A quick look at the new zoning map shows that the vast western and eastern parts of the township are areas that will have little or no residential or commercial development.
The eastern third of the township is covered by Michaux State Forest, where no development is allowed. The western third is being left agricultural, which allows only 2-acre zoning. Another large 2-acre strip abutting the state forest on the west has been designated as forest conservation with its restricted 2-acre zoning.
Commercial development is earmarked for a section in the north-central part of the township near the Guilford Township line and a section west of the Borough of Mont Alto, Pa., along with sections along Tomstown Road. High-density residential areas will be established around Mont Alto.
South Mountain, and the Tomstown and Quincy areas are designated as villages, according to the map.
Middour said at the onset that the supervisors are aware that "people get quite passionate about zoning and their property rights."
He tried to reassure residents who live in districts that will change with the new ordinance that their properties will be grandfathered in, that they can continue as they are. That also applied to businesses.
"You can still run your business, sell it or expand it," Middour said.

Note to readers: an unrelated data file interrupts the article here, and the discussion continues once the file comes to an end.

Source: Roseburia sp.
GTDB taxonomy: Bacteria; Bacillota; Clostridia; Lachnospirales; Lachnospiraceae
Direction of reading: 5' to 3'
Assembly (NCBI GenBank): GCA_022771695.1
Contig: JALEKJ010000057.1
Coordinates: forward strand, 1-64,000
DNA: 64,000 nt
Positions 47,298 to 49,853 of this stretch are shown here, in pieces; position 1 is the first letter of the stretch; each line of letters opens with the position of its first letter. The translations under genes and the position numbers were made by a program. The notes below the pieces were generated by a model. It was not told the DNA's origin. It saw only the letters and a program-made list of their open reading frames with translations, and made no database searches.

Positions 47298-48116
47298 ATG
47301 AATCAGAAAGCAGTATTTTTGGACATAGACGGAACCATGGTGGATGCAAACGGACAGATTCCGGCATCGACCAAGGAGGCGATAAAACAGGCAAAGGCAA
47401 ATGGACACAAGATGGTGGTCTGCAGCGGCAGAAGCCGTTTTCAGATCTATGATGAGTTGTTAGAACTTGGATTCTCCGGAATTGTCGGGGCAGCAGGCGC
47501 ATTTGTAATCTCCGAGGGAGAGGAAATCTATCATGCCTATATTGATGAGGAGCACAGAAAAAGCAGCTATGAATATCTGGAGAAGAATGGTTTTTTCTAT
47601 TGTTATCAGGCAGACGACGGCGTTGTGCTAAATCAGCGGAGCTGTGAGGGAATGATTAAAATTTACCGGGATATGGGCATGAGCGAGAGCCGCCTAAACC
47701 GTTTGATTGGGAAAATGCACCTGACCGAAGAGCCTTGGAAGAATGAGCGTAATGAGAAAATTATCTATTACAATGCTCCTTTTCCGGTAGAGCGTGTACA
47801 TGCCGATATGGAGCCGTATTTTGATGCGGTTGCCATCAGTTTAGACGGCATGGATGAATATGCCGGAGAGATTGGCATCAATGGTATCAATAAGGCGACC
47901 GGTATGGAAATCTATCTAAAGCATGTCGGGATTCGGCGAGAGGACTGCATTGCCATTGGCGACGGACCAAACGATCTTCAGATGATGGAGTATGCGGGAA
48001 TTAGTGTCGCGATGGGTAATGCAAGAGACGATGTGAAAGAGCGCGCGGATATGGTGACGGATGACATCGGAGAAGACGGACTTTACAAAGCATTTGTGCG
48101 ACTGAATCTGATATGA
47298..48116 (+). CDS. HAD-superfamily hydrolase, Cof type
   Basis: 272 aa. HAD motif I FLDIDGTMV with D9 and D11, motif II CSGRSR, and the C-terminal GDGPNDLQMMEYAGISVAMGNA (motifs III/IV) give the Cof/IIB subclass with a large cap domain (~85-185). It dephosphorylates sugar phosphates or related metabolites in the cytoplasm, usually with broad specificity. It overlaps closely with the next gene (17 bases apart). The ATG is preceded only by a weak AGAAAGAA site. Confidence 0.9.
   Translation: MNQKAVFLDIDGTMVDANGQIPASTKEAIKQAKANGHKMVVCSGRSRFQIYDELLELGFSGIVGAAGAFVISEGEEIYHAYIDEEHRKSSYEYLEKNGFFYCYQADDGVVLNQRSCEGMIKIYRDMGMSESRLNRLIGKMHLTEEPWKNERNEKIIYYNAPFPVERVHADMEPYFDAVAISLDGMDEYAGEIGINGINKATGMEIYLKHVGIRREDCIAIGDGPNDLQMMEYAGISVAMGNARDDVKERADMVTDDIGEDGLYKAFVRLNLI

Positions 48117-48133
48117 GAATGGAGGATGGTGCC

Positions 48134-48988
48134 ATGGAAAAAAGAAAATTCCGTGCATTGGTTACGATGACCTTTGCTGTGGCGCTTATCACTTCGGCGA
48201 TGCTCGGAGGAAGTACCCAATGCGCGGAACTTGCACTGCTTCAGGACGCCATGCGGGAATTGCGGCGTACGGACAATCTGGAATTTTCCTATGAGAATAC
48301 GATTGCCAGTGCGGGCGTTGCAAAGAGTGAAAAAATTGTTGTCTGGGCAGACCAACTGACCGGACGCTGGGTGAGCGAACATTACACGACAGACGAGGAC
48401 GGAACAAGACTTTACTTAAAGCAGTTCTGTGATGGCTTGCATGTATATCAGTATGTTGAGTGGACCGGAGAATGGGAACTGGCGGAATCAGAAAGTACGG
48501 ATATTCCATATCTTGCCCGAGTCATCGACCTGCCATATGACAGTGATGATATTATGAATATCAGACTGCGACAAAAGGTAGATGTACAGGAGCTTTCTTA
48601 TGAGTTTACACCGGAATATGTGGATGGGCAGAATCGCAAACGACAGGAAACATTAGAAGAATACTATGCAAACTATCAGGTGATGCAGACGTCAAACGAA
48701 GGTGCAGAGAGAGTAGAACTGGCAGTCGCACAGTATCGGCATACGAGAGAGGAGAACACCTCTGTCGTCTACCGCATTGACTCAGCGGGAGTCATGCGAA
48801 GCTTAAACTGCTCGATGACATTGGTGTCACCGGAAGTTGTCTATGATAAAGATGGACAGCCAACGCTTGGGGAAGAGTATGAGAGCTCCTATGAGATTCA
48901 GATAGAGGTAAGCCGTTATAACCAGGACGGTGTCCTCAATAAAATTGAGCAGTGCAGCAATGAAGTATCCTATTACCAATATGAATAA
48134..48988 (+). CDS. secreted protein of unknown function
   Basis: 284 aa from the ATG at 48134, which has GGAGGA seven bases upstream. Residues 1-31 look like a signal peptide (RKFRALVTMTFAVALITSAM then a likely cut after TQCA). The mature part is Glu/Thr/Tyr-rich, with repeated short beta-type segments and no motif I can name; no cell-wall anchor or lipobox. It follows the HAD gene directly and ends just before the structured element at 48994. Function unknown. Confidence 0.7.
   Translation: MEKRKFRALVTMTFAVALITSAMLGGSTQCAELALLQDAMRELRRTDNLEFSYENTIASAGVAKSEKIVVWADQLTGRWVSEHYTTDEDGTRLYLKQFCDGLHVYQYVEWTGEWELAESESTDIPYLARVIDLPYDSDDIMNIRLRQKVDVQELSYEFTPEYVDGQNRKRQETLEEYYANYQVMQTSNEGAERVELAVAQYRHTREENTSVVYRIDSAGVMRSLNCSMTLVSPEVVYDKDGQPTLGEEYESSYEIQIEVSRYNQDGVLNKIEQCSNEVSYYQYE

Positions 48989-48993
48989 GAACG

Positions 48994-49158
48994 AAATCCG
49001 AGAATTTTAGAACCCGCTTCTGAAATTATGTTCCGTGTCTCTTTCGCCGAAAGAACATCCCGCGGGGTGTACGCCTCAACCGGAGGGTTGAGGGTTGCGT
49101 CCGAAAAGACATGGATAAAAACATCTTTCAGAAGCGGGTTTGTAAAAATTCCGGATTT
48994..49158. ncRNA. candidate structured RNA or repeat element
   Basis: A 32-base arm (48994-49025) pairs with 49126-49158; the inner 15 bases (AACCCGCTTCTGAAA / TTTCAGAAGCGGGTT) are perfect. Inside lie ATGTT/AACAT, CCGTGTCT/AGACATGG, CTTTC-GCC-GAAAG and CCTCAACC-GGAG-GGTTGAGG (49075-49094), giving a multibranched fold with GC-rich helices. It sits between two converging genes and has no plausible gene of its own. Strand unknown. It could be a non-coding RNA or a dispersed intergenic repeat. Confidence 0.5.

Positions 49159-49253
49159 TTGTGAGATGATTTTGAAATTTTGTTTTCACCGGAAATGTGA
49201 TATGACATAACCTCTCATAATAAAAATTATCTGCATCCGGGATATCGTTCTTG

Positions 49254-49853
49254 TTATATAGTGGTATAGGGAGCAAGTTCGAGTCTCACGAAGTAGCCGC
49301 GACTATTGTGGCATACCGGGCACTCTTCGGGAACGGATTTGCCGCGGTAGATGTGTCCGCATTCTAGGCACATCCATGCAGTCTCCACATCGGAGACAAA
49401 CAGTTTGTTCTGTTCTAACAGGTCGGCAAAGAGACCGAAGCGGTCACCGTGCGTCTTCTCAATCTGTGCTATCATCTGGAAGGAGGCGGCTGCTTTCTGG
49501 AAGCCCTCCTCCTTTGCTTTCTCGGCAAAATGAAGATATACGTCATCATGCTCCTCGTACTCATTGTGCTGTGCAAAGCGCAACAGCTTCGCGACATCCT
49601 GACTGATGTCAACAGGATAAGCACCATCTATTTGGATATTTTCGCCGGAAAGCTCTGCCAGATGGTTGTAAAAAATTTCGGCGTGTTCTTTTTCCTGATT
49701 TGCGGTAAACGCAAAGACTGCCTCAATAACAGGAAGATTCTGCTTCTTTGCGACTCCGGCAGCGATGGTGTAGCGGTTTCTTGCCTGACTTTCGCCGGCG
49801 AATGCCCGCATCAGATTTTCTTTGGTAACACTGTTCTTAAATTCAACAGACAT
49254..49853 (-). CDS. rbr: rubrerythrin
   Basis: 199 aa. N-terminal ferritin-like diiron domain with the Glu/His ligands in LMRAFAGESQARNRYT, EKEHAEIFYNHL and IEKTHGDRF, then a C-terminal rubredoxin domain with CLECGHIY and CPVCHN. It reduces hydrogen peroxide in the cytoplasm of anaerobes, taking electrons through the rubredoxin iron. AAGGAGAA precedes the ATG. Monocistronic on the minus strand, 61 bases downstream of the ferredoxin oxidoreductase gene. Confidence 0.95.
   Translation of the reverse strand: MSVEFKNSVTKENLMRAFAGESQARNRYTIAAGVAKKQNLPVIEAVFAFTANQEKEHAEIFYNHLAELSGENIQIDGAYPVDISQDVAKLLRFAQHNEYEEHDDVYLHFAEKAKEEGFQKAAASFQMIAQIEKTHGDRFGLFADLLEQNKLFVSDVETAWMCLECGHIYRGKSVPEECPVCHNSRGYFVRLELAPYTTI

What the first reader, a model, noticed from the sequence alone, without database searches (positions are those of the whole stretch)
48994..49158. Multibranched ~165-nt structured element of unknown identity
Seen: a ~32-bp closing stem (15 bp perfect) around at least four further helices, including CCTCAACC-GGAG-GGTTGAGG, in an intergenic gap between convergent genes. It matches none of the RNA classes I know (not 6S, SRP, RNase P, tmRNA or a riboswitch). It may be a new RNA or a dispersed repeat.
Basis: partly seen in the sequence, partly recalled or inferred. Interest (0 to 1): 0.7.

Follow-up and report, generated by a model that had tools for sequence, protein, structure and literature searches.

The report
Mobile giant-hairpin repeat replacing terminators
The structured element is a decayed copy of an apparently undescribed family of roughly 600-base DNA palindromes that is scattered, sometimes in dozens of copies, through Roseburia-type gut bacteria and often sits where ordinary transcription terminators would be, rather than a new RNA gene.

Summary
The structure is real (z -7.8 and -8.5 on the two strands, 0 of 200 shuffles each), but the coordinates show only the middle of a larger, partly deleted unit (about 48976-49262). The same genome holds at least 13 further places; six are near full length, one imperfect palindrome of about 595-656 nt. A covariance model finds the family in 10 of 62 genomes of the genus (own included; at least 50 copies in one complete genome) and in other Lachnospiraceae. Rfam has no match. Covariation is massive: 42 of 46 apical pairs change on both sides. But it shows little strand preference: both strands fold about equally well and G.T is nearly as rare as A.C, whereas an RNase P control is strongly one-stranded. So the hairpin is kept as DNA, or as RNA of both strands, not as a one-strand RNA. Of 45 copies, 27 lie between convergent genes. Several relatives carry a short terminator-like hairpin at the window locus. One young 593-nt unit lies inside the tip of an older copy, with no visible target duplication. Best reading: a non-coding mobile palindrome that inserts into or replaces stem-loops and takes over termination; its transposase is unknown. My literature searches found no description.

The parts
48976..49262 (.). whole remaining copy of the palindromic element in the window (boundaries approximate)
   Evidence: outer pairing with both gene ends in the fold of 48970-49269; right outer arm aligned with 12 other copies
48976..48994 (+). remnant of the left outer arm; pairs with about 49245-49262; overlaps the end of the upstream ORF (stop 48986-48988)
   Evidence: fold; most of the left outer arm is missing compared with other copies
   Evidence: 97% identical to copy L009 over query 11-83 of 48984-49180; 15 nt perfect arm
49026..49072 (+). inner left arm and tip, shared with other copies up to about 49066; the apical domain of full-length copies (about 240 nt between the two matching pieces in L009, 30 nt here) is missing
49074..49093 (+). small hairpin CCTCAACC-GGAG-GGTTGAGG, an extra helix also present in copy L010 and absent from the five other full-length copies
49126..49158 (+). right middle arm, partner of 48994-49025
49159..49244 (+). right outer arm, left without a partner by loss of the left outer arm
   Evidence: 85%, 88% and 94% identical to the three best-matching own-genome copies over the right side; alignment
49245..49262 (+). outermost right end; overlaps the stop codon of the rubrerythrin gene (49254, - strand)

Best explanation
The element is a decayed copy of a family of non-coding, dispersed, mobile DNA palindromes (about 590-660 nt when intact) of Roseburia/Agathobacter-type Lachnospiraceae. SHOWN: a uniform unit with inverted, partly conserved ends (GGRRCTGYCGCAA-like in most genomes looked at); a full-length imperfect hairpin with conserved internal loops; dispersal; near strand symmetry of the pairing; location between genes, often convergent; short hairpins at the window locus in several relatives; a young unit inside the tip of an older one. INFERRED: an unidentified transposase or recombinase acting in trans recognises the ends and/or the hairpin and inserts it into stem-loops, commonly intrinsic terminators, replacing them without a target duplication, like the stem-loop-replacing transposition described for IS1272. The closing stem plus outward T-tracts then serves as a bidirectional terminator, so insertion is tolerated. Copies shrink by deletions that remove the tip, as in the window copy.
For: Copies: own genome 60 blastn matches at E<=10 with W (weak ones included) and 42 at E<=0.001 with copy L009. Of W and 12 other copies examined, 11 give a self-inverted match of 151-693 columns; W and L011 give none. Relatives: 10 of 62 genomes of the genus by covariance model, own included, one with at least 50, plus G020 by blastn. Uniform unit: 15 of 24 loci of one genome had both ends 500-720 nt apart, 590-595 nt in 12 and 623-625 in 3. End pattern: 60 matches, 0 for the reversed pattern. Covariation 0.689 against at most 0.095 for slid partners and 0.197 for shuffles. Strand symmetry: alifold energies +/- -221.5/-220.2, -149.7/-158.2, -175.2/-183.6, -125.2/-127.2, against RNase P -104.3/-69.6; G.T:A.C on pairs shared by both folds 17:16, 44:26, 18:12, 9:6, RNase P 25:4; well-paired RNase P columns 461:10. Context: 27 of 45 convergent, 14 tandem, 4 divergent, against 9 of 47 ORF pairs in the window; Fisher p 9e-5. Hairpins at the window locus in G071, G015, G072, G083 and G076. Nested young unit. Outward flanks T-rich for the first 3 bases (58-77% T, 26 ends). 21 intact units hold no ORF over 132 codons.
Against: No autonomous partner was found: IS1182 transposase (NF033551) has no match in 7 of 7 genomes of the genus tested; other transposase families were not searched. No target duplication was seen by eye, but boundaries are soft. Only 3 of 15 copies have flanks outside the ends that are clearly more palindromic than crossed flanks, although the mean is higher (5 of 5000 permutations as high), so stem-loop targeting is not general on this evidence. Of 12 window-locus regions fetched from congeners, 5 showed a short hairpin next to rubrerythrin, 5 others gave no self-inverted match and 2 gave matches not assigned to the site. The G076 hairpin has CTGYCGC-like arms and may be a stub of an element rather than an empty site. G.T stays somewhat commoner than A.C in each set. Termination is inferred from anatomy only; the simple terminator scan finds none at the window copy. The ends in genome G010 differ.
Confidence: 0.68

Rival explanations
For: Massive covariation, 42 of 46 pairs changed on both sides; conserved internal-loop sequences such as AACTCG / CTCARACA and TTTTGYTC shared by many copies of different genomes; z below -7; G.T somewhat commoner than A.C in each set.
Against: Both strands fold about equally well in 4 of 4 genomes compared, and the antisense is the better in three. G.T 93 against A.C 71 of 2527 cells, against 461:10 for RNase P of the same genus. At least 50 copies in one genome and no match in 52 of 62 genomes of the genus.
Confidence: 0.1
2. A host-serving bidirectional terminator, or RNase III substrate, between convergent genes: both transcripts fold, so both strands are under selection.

"When we started this process 16 months ago, we said it would be a forward-looking process," Middour said. "When you're dealing with zoning it's always a hassle. What's a good land-use plan in one person's eyes is a restriction on his neighbor's rights. It's about making restrictions on a few for the benefit of many. That's the basis of zoning."
The new ordinance was prepared with help from Franklin County Planning and Zoning Office officials. The county's planning commission reviewed the ordinance, said it is consistent with the county's comprehensive plan and recommended its approval.
Kerry Bumbaugh, a Quincy businessman who beat Middour in the May Pennsylvania primary, was the most vocal speaker Tuesday.
If Bumbaugh remains unopposed in the November general election, he will assume Middour's supervisor seat in January.
Bumbaugh asked that the vote delayed for a month so more residents could review the new zoning map.
"They don't understand it. People are not ready for these changes yet," he said.
He also criticized the new ordinance, saying there is no infrastructure in the township to support the commercial development it sets up.
Quincy Township has a new public sewer system but no public water system. Most residents get their water from private wells.
Bumbaugh suggested a few minor changes in the existing zoning ordinance would fix some of the problems the township is facing.
"People are not happy with this map. It's going to cost them more money," he said
Local Realtor Paul Gunder said his problem with the ordinance is that it removes some village designations for no logical reasons and will force residents whose properties are grandfathered in to pay $350 to apply for special exceptions when they want to change something.
One resident said the new ordinance is not fair to "people who are here now. They won't be able to pursue what they want to do."
Joseph Koski, a member of the township's planning commission until January, worked on the ordinance.
"Give it a chance to work," he said. "If it's not right, then change it."